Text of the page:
handy. For that reason, I would purchase a fly reel with a decent drag. Clicker
drags are not as good as disc drags but some models are okay. Just don't buy
the cheapest one available. I would suggest you spend less than $30.00 for your
first fly reel.
Fly Line:
I recently purchased a 5 weight fly line that retails for $99.96 made by the same
company that makes the $19.95 fly rod. It cast about the same as several other
fly lines I have except It shoots better than most fly lines. However, I rarely
"shoot" fly line fishing for trout. They also have a weight forward fly line that is
sold in the nations largest retail stores (or at least did in the past) that retails for
$9.95. I used one of them on their $19.95 rod and it cast and performed just fine.
Recommended Fly Line: (if you are just starting)
There are several other weight forward fly lines on the market for $20.00 to
$30.00 that will work just fine. If you do not purchase a kit, you will want a 5
weight, weight forward (WF) floating fly line.
Backing, Leader and Tippet:
No, you do not need a fluorocarbon leader or tippet. Purchase two or three, 5X
preformed, tapered, mono leaders, two or three 4X preformed, tapered leaders,
one spool of 5X tippet and one spool of 4X tippet. Fly line backing should be put
on the fly reel. This shouldn't cost more than $35.00 total.
Flies:
You only need a few flies. Usually 10 or so flies is all you need to start but
the flies should be chosen for the particular time you fish. You need a
fly box to put them in but it's not absolutely necessary.
It takes some time
to learn about the food the trout eat and how to match it with flies. Old so-called
Smoky Mountain fly patterns will work okay at times but you are far better off
matching the food thats most plentiful and easiest for the trout to acquire. If you
call our Perfect Fly Store
(Toll Free 800-594-4726) we will be glad to help you
select the flies you need. We deliver them to you free of charge but please call
or email us a few days in advance of the date you plan on fishing. A week is
enough but we can arrange for quicker delivery if necessary. We also sell
leaders, tippet, strike indicators and other items you may need. We also will try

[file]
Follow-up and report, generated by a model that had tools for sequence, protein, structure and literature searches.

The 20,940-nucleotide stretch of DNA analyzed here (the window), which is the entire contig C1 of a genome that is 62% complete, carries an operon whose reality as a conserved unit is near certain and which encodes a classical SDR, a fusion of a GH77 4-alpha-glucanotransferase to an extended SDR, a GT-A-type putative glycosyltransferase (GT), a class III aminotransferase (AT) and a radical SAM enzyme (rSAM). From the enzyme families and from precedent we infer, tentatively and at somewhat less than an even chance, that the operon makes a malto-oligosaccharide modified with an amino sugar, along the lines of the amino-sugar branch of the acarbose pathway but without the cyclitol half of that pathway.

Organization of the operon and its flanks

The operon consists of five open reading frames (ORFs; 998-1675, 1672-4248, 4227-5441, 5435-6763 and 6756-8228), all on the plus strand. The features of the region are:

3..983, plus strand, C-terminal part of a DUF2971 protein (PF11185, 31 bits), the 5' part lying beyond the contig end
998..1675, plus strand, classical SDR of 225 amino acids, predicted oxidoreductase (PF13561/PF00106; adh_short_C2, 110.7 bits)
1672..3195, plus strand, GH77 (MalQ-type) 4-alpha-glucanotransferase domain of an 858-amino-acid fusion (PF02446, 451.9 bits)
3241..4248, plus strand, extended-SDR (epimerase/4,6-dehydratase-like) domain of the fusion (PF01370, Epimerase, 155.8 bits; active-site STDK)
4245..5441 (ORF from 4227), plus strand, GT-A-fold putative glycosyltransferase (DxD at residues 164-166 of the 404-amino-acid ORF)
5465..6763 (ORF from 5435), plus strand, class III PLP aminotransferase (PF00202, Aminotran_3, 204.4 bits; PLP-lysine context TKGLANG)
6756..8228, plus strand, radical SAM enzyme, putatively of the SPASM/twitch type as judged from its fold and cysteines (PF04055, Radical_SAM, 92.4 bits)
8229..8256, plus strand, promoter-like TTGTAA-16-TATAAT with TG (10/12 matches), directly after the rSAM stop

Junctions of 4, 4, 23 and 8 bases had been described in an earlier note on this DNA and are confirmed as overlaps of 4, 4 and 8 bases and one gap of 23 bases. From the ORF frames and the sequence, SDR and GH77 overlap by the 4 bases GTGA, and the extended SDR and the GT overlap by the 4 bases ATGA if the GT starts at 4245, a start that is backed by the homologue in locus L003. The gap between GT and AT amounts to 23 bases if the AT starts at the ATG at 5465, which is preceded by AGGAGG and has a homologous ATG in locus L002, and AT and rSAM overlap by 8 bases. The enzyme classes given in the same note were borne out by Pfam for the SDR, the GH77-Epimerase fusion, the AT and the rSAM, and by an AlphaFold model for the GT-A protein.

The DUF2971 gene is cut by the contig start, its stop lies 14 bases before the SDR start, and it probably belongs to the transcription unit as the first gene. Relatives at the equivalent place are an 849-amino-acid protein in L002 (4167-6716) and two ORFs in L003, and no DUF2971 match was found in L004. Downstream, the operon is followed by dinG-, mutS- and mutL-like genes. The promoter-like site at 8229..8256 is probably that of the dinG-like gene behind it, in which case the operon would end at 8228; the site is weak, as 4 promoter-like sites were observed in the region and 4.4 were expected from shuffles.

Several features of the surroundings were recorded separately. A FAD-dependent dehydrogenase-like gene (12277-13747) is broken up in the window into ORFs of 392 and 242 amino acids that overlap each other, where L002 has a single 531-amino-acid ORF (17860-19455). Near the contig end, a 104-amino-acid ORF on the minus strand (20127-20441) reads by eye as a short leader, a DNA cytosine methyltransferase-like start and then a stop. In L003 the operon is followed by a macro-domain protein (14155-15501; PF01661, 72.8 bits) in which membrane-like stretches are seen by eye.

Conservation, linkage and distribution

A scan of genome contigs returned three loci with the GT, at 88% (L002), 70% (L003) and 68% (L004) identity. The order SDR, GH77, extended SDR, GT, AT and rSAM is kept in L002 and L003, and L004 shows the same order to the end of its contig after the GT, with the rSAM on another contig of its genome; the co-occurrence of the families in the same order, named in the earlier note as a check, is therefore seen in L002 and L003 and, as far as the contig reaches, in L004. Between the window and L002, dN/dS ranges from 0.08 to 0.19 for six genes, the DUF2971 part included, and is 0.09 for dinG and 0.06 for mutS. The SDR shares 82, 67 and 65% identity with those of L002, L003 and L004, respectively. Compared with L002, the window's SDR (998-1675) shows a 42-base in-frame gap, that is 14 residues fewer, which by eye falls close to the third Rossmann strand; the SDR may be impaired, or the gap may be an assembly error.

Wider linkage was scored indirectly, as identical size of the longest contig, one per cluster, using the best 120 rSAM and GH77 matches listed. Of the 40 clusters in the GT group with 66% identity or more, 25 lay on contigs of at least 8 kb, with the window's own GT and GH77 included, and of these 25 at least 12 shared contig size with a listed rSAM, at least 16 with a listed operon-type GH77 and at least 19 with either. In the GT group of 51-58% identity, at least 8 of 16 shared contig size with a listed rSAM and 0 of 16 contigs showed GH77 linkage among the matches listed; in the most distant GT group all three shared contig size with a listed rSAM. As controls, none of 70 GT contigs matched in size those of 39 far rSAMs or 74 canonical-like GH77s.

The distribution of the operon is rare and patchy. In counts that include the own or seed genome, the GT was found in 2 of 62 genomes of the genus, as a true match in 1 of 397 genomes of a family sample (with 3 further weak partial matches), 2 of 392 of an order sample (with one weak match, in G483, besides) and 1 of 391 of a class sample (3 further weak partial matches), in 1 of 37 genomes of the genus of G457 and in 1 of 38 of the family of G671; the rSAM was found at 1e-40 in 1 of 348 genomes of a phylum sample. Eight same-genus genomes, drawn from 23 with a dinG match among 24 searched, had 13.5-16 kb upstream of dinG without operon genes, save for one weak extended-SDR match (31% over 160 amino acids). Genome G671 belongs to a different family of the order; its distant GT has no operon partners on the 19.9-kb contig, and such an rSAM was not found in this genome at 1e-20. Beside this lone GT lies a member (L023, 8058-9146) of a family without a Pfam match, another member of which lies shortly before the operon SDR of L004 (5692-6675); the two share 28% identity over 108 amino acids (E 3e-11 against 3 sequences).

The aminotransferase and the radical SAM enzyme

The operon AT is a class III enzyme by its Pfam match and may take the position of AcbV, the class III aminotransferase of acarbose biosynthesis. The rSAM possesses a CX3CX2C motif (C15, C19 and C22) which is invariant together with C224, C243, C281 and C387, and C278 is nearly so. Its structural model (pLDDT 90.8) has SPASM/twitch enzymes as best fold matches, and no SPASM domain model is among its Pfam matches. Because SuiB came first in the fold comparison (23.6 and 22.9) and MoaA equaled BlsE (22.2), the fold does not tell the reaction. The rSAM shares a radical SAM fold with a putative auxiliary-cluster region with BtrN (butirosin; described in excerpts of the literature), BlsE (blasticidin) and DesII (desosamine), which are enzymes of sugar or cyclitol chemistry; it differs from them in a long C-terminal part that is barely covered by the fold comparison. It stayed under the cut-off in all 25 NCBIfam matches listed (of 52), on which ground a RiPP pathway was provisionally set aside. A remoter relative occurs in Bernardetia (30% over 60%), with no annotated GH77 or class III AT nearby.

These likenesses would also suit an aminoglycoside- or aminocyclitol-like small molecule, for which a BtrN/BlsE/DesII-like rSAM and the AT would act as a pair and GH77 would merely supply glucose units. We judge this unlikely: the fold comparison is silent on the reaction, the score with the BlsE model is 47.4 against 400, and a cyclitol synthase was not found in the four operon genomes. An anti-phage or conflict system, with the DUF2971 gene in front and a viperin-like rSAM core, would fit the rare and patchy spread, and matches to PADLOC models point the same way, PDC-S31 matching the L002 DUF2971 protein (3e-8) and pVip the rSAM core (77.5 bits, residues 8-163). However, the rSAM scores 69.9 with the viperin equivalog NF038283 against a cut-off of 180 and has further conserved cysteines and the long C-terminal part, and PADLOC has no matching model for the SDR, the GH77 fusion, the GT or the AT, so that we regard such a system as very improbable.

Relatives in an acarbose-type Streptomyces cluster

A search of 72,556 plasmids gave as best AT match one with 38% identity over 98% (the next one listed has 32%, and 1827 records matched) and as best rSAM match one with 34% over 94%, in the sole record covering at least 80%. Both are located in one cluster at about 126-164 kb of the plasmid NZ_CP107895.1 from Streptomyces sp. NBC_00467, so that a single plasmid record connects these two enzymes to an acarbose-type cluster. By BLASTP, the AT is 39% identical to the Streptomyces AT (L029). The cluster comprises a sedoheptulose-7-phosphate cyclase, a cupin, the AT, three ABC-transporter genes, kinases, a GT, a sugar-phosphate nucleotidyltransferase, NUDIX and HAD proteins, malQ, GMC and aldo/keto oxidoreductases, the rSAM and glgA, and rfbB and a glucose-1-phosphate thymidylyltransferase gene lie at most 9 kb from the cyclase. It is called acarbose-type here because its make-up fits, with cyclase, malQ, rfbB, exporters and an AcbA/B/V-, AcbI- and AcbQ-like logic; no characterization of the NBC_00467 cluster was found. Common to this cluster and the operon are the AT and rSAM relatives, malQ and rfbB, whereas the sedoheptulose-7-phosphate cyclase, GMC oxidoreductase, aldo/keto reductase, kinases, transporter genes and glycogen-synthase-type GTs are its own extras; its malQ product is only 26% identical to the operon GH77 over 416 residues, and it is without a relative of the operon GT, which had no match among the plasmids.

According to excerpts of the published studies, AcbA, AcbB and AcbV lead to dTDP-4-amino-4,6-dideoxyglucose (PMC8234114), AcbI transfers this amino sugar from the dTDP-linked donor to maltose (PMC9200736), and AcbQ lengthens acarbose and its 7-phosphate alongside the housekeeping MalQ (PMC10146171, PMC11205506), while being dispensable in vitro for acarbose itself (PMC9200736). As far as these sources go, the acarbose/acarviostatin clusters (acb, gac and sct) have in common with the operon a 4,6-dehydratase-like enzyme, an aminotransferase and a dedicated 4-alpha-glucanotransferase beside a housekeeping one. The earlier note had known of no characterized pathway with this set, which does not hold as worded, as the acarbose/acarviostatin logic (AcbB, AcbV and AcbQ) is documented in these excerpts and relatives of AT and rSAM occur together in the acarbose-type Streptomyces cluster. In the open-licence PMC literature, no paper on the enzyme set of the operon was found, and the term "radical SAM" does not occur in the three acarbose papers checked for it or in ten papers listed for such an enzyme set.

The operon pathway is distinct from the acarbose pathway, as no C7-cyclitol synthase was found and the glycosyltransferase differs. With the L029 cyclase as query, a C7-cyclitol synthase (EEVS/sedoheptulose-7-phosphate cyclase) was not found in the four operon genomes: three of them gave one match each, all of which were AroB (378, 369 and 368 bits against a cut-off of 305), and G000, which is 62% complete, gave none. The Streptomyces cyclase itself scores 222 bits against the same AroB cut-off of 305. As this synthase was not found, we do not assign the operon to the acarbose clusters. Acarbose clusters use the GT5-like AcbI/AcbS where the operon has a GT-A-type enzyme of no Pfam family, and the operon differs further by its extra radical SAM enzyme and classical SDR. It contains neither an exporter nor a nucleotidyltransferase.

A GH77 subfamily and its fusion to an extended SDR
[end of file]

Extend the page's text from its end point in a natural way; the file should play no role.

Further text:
to answer any questions you may have about fishing the Smokies.
Waders:
Any time you get in the water you are going to spook trout. If you are not
experienced, you may spook them all and not catch any trout. If is perfectly fine
and best to fish from the bank provided you can do so. You do not need waders
to fly fish the Smokies. You can start out without waders. During the warm
summer months you can wet wade or wear shorts and wading boots only.
Unfortunately, most places that you will want to fish, you will not be able to cast
from the bank. Eventually, and probably sooner than latter, you will want to
purchase waders. The following is my experience with waders.
A few years ago, I stopped by a local fly shop near the park. Angie and I had
been on a month long trip out West, from there to Michigan and had stopped to
fish a day or two in the Smokies before heading home (at the time) in Florida.
We had only been fly-fishing on an almost full time basis for a couple of years. I
had completely worn out a pair of the top of the line name brand waders. Prior to
purchasing the "top line" $350.00 waders, I had borrowed my brother's cheap
$150 waders. In fact, I had used them longer than I used the top of the line,
name brand waders. At the same time, Angie had a pair of $200.00 breathable
"Box Store" waders that had outlasted both pairs of waders I had used. My top of
the line name brand waders, full of patches,  failed beyond repair just about the
time we arrived at the Smokies. I asked the store owner if they sold the lower
priced brand of waders that I had previously borrowed from my brother.
He
replied that he did not sell "cheap" waders, only quality gear
. No big deal,
I thought and proceeded to purchase another pair of the same top of the line,
name brand waders for around $375.00 if I remember correctly. By the way, I
often wonder if the store owner really meant that he did not sell low priced
waders (for the resulting low dollar profit) when he could sell high priced waders
(with a resulting higher dollar profit)  just a well. It worked in my case - not only in
his store but several others.
At the end of the following year (our third year of fly-fishing for trout) I had to
replace both Angie's Big Box Store waders and my one year old, top of the line,
name brand waders. I proceeded to purchase my third pair of waders costing
even more than the previous pair and another top of the line, name brand pair
from the same manufacturer for Angie. That was eight or nine years ago.
Recently, I purchased Angie her fourth pair of the same top of the line, name
brand waders in West Yellowstone and my sixth pair of the same top of the line,
name brand waders from a large on-line fly shop. One brand new pair I
purchased leaked and had to be repaired with the kit that came with them the
first day of use. In other words, I have spent well over $3500.00 for what is
tabbed as "the best waders you can buy" and I have yet to have a pair outlast
the first pair of  "cheap" waders my brother loaned me. I am not counting the two
years my brother had already used them.
Now, don't take this wrong. I am not pushing cheap waders or cheap anything. I